Today’s guest picture comes from my New York correspondent Mary-Jane. She was in a snowy Central Park when she met these charming animals. There is some debate as to whether they are dogs or polar bears.
All trace of snow and ice has gone here, and we had another reasonably warm day. Unfortunately, a brisk and chilly wind didn’t make going outside quite as attractive as it should have been. I spent the morning being very careful not to forget that I had an important dentist’s appointment. It is quite hard to get dentists’ appointments just now so it is vital not to miss one.
While I was waiting to set off, I was entertained by chaffinches arriving on the feeder…
…and that pheasant back again for a strut on the lawn in a little burst of passing sunshine.
They didn’t make me lose sight of my impending visit, so I was in a chipper mood when I set out in good time for the appointment. I even had a moment to spare to check for dippers at the Kirk Brig (none available)…
…and to stop while crossing the suspension bridge to see that the Esk had gone very brown after the thaw.
I was outside the door of the surgery bang on time so it was just a little disappointing to find that I was in fact two days early for the appointment which was on Thursday 18th and not Tuesday 16th, a mistake which I thought that anyone could easily have made.
Now I will have to try not to forget it on Thursday. Ah well.
After I had had a cup of coffee and some ginger biscuits, I went out for a walk round the garden. The snowdrops are now officially out.
And I found that there is still a little ice about as the disk of ice in the bucket has diminished but not disappeared yet. I like the 3-D bubble effect in the ice.
The daffodils are bunching up nicely.
When I went back in and looked out, I saw that the pheasant was back, making sure that I got its best side.
I had enjoyed my short walk to the dentist so I went out for another one before lunch.
I discovered that the Esk might be brown but the Ewes water was not, and there was a distinct colour clash where they joined forces at the Meeting of the Waters.
You can see a good flock of gulls in the picture above. They kindly took to the air as I went down onto the Kilngreen and flew over me several times…
Two came down a bit closer to me…
…and I struggled to get all of them into the frame.
I think that they must have been hoping that I was bringing food because they pursued me up the river and nearly made me miss an old friend on the opposite bank.
I went up the Lodge Walks to Holmhead and saw plenty of snowdrops on my way and when i got there…
…though it may need another week and a sunny day to see them at their best.
I liked this little tree stump with a mossy tablecloth set on it.
I was surprised to see a brand new gate across the track at the top of the pheasant hatchery…
…but it looks as though they have left enough space to add a pedestrian gate beside it.
As I crossed the Duchess Bridge, I met a man who was leaning against the railings looking fixedly down the river. He told me that he was hoping to see a kingfisher as he had seen one passing under the bridge several times lately. I might have to go and do some leaning against those railings myself.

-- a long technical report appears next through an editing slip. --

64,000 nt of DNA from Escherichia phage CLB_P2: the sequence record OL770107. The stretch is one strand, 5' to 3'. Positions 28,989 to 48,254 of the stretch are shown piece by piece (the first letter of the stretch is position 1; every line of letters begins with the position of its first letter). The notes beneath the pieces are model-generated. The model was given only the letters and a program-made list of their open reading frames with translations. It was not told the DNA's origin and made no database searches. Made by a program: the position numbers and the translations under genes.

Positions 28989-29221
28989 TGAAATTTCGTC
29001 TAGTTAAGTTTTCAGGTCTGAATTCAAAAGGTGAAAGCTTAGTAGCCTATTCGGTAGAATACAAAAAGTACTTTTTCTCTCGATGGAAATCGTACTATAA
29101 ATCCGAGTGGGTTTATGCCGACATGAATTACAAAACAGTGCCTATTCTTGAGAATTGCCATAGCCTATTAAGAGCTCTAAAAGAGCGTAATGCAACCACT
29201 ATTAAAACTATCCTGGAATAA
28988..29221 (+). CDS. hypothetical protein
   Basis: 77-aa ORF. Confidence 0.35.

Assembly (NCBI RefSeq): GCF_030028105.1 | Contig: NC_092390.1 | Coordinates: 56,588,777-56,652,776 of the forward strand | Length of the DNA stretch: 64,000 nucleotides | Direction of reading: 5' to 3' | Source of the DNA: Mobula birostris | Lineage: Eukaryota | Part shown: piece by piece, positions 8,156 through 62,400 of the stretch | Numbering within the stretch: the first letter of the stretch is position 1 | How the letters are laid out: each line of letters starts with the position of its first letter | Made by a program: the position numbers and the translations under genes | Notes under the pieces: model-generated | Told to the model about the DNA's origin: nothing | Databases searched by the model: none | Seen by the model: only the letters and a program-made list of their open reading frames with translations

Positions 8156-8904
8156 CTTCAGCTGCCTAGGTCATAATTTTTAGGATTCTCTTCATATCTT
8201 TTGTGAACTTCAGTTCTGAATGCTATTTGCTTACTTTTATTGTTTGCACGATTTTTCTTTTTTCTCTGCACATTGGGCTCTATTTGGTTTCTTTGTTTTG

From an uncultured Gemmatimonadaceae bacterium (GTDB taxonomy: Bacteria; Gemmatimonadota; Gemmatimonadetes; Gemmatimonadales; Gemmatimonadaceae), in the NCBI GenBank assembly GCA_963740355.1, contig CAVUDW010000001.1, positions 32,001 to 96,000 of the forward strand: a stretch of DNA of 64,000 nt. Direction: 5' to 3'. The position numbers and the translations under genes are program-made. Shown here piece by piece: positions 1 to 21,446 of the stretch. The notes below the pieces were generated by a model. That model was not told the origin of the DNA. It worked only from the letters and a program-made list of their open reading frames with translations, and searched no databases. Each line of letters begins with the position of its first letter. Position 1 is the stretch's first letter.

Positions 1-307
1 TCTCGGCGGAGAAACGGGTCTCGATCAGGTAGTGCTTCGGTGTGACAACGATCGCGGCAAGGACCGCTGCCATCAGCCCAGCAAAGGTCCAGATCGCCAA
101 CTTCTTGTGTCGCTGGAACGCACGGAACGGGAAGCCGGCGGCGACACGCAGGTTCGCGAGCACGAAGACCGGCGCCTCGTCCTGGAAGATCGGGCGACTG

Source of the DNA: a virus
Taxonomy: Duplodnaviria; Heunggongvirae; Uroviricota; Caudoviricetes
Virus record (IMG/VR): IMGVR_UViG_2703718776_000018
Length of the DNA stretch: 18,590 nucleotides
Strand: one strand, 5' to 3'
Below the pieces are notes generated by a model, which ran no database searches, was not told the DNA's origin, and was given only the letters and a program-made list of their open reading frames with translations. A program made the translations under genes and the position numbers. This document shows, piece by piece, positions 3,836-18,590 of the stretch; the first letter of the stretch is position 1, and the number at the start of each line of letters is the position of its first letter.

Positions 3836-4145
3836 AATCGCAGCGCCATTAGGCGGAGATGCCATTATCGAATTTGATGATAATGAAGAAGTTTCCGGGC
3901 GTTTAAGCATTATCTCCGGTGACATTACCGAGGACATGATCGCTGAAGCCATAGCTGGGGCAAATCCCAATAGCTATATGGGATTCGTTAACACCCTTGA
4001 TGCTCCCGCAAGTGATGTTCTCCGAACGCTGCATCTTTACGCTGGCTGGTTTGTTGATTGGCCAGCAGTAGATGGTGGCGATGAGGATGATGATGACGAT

There was a good deal of birdsong to be heard as I went along, and in the milder weather this was a definite hint of spring. This hint was confirmed by our neighbours’ currant bush when I got home.
The wind had been gusting at around 30mph all morning, but the forecast suggested a slight easing in the afternoon so I gave it an hour or so to calm down and decided to do twenty miles on my bike.
The weather gods were in a jovial mood and it started to rain as soon as I went upstairs to put on my cycling gear. I was having second thoughts but then the rain stopped as suddenly as it had started so I got into my gear, went downstairs and got my bike out. It promptly started to rain again. I went back inside and had third thoughts, some of them unprintable, and then rain stopped again. I pedalled off up the Wauchope road, and thankfully the weather gods had had enough fun and left me to enjoy a dry ride.
The icy patches which had been there when I walked up the road recently had all disappeared and in spite of a still brisk wind, cycling was enjoyable. I wasn’t entirely confident that I would stay dry as the clouds were very low over the hills and I couldn’t see the background scenery at all when I got to Cleuchfoot.
I didn’t want to spend too long cycling into the wind so I made another diversion up to the Kerr wood and then headed back to Langholm. Having done 12 miles by the time that I arrived in the town, I did another eight miles going up and down the main road to the north. The clouds were still sitting on Whita…
…but they were lifting and there was even a hint of blue sky as you can see. The view up the valley was reassuring…
…and it had turned into a much better day by the time that I got to my turning point at the Sorbie road end.
This road goes through the Gates of Eden from the ‘wrong’ side and I must cycle along it this summer as it has some good views.
I took the boring option today though, and pedalled back to Langholm into the wind down the main road. I had judged the distance just right and the cycle computer beeped to indicate 20 miles completed as I cycled through our front gate.
There are more wet, warm and windy days to come in the forecast so I hope that some of them will be as kind as today was so that I can get a few more cycle outings in.
Since it is Shrove Tuesday, Mrs Tootlepedal made pancakes for afters at our evening meal. We ate them with caster sugar and lemon juice and they went down very well.
The flying bird of the day is one of the overhead gull gang.